Congress passed a Clean Air Act, and the National Academy of Sciences was called upon to conduct a comprehensive study of the technological feasibility of meeting the auto-emission standards prescribed by it.  These would be, as compared with 1970, a 90% reduction in five years in emissions of carbon monoxide and hydrocarbons and in six years of oxides of nitrogen.
      The Academy’s National Research Council announced that the high concentration of lead in the air of central cities constituted a potential health hazard to young children and “certain” groups of workers but currently posed no identifiable threat to the general population.  “Due largely,” it said, “to the combustion and dispersal of lead additives in gasoline, the air in the largest American cities has a concentration of lead 20 times greater than air over rural areas .  .  .”

 

END OF PART 20

Part 21 

      A group of scientists at Sweden’s Wallenberg Laboratory announce that the lead additive in gasoline affected the distribution of chromosomes in lower animals under test and “may” cause human birth defects.
      The answers to the motor vehicle’s pollution of the air were elusive.  Electric cars?  In 1959 three independent manufacturers announced plans to produce them.  None did.  Both GM and Ford did have intensive research programs on electrics under way.  Ford actually produced a pollution-free piston engine, but warned that the moment it was fired up its virtues began a progressive deterioration.  In California, the Pacific Lighting company and the union Oil Company jointly proposed to sell compressed natural gas, 90% free of exhaust contaminants, for automotive use.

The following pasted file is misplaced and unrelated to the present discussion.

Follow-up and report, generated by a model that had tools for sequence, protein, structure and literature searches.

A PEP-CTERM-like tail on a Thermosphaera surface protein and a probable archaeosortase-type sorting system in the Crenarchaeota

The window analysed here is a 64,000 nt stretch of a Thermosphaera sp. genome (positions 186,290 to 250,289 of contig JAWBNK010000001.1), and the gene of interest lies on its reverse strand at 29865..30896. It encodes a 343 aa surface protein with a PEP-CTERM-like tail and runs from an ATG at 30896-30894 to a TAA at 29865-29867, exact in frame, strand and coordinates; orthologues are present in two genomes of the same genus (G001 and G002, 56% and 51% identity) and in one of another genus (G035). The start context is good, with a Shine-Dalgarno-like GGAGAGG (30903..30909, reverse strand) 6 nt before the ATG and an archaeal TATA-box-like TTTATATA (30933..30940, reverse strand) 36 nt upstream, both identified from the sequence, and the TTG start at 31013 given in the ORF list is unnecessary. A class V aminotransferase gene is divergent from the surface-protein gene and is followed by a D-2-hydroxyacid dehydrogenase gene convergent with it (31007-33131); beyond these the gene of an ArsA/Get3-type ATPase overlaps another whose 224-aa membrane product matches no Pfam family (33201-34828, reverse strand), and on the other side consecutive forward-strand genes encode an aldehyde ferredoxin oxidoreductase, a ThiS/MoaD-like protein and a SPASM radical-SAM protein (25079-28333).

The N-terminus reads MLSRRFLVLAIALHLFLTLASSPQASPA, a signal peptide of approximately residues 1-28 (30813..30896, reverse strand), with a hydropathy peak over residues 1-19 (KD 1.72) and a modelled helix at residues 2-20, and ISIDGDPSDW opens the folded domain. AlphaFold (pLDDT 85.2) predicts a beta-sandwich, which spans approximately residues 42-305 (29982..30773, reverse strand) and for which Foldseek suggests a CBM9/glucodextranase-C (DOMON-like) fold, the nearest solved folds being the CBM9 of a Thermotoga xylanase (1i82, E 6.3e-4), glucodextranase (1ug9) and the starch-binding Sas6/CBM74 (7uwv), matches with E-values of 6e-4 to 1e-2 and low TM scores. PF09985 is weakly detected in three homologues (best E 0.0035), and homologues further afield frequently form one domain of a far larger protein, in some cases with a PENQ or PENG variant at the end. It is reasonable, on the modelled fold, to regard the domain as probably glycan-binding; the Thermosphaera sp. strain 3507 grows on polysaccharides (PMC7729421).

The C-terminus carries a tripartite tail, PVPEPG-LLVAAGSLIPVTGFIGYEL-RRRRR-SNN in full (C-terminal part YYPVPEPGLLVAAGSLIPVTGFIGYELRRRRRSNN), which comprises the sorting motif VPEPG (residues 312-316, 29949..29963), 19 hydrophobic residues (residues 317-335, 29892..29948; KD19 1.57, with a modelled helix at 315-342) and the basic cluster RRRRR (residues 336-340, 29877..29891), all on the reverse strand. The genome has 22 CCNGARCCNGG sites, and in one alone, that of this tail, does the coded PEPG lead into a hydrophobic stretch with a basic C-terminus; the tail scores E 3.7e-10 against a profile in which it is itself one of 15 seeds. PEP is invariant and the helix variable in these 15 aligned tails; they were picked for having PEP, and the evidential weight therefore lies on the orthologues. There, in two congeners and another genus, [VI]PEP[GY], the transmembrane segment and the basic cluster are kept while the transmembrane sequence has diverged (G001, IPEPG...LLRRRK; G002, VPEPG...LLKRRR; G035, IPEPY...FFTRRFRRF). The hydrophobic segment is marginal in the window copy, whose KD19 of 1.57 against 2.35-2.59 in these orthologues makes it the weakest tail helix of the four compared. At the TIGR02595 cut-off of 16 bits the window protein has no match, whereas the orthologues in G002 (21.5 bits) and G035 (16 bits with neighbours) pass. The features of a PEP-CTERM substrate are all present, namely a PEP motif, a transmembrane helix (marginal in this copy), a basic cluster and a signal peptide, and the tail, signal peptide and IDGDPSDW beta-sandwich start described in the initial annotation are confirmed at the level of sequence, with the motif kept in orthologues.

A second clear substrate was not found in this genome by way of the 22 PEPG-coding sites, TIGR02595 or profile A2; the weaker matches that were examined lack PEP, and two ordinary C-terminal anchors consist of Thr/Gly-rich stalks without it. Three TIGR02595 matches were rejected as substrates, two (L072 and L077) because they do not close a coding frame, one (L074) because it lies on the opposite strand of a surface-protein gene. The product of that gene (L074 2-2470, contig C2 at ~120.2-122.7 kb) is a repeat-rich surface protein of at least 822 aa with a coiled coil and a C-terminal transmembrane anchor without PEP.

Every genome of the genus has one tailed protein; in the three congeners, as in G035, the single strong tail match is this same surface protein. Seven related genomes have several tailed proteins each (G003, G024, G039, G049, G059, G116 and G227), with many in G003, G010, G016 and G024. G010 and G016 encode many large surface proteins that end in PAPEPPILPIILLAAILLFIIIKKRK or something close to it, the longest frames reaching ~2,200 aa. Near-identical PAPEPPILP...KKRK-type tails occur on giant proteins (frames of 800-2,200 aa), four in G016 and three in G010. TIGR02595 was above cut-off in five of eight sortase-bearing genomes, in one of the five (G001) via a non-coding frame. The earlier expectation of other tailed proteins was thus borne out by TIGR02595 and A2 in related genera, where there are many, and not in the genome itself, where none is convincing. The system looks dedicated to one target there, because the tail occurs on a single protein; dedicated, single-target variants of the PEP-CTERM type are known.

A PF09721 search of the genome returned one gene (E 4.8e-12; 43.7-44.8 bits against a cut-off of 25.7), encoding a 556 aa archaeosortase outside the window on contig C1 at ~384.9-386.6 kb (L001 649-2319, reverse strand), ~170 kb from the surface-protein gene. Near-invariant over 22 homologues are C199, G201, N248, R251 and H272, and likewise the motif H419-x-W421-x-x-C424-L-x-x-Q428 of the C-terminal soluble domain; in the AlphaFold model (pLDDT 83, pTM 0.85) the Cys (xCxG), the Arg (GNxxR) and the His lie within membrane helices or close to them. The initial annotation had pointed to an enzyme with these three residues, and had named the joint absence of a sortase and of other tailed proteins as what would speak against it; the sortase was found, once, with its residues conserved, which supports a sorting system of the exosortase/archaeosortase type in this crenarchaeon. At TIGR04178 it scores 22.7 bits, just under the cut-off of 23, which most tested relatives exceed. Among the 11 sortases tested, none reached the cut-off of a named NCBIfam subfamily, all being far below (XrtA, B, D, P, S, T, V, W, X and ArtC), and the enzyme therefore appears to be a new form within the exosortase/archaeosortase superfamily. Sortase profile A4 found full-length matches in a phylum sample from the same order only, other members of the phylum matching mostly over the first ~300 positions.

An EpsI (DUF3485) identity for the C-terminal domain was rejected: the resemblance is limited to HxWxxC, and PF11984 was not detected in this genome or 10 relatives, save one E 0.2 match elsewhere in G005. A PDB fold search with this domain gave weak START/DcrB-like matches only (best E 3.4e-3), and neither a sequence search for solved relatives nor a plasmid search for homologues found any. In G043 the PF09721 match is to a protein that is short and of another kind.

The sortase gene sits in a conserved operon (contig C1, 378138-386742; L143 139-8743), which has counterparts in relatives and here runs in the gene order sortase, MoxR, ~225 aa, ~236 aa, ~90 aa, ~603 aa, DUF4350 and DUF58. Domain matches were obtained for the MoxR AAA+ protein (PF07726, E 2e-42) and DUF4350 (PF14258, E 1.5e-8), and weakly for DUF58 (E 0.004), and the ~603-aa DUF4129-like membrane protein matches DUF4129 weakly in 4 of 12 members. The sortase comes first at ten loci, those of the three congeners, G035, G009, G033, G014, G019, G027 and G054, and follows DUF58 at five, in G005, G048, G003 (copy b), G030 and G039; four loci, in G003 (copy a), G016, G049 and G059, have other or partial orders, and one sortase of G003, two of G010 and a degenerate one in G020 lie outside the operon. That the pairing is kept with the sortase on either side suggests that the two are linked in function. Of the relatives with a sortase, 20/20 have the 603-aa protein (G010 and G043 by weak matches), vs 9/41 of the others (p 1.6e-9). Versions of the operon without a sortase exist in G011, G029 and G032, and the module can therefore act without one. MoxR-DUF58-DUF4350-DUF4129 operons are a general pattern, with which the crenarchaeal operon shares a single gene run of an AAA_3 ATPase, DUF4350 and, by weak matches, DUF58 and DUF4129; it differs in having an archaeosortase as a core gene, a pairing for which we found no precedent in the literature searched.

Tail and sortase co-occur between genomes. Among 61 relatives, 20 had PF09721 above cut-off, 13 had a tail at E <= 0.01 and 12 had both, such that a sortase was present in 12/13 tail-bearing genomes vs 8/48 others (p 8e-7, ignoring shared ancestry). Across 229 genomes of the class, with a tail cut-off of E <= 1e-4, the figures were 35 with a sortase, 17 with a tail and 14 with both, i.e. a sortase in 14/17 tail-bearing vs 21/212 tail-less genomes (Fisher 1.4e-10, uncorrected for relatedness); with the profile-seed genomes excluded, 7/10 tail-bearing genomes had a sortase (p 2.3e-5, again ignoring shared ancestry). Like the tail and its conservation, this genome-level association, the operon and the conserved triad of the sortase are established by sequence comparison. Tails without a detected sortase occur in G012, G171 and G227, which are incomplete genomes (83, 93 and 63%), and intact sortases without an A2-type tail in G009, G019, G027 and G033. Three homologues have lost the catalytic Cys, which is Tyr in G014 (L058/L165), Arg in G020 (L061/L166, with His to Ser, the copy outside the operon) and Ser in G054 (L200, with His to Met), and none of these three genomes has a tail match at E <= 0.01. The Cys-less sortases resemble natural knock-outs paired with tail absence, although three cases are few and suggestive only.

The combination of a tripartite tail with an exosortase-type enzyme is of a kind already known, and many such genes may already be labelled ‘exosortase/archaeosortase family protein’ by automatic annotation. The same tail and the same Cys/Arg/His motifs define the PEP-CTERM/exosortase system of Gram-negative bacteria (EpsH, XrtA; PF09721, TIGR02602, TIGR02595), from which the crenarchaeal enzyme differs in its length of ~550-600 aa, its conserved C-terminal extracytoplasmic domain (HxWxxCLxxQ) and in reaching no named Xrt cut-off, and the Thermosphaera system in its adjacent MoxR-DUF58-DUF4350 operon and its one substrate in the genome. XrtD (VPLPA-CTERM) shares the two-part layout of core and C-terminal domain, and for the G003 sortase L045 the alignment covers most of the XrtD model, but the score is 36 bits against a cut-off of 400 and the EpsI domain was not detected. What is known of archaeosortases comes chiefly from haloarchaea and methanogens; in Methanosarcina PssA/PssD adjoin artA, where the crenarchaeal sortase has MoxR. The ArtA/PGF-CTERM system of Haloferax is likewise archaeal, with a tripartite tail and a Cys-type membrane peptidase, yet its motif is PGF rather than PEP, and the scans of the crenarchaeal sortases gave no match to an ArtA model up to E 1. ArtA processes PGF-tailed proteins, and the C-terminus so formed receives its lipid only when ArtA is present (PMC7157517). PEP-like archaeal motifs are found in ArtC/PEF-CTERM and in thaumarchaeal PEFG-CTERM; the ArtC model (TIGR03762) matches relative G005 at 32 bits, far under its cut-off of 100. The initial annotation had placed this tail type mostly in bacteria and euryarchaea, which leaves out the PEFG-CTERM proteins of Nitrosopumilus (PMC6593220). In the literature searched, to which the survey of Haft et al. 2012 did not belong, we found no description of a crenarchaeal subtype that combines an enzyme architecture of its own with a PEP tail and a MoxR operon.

The steam automobile was disinterred, but its faults had not been mended.  A Florida inventor fiddled with a fluid other than water to make the idea work. (By 1972 Popular Science was reporting on DuPont’s brand-new organic-fluid external combustion engine.)
      More promising was a pistonless rotary engine, the German Wankel, burning jet fuel, with most of its dangerous emissions rendered benign by a catalytic converter.  The Wankel had a high mechanical efficiency (low friction losses) but a lower thermal efficiency (degree of fuel conversion to heat) than a piston engine.  It balanced that off with simplicity and compactness.  Under a Wankel hood was a world of room for components to tame noxious emissions.